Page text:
A bittersweet fable of war and survival set in a Romanian shtetl.
Like Chagall’s art, charming or cloying depending on taste, Ausubel’s fanciful novel employs an intensely imaginative style both to evoke Zalischik, a remote Jewish settlement in 1939, and also to fuel her story. As news of the encroaching anti-Semitic terrors filters into the village via the horrific experience of a half-drowned stranger, the community tries to hold the world at bay with its imagination while cutting itself off from external contact. The narrator, 11-year-old Lena, must endure a parallel delusion. Given by her loving parents to her barren aunt and uncle, she is pushed rapidly through the stages of childhood again as her partly-deranged new parents teach her to talk and walk, then arrange marriage to Igor, the banker’s son. Happiness and children follow, but the village’s isolation can’t last. After Igor is taken prisoner, Lena flees into the woods where her baby dies and farmers offer her an impossible choice. Returning to Zalischik where she learns the fate of her people, she finally turns to a future in the New World.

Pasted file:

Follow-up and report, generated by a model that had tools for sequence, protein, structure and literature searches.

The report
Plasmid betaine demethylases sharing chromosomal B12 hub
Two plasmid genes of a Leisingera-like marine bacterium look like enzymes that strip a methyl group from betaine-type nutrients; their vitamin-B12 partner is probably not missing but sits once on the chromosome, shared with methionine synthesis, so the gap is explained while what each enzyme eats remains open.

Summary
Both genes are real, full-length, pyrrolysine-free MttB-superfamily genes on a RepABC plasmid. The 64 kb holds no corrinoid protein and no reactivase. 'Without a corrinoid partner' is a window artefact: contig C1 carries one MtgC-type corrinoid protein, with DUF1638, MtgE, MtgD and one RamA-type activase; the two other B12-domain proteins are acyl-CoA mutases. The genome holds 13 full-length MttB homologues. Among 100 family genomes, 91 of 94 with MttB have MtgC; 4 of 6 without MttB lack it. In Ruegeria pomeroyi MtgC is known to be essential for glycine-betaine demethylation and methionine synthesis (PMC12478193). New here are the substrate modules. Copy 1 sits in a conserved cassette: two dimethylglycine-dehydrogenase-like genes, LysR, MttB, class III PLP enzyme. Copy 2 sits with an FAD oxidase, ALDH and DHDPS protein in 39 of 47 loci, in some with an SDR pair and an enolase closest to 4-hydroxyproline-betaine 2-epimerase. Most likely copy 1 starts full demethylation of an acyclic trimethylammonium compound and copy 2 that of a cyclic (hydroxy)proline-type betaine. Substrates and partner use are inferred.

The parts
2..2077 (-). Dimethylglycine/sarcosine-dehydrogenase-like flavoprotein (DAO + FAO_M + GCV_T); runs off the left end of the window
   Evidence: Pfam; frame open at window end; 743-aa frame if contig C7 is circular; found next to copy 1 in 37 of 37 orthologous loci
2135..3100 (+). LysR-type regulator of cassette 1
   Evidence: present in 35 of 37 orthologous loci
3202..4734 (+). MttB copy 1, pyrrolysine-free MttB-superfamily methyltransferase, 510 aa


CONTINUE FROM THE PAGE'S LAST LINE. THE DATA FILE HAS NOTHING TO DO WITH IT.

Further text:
Ausubel’s sustained, idiosyncratic take on the Holocaust is double-edged, alternating affecting heartache with sentimental poetic overkill. Opinion may be divided, but there’s an undeniable element of talent here.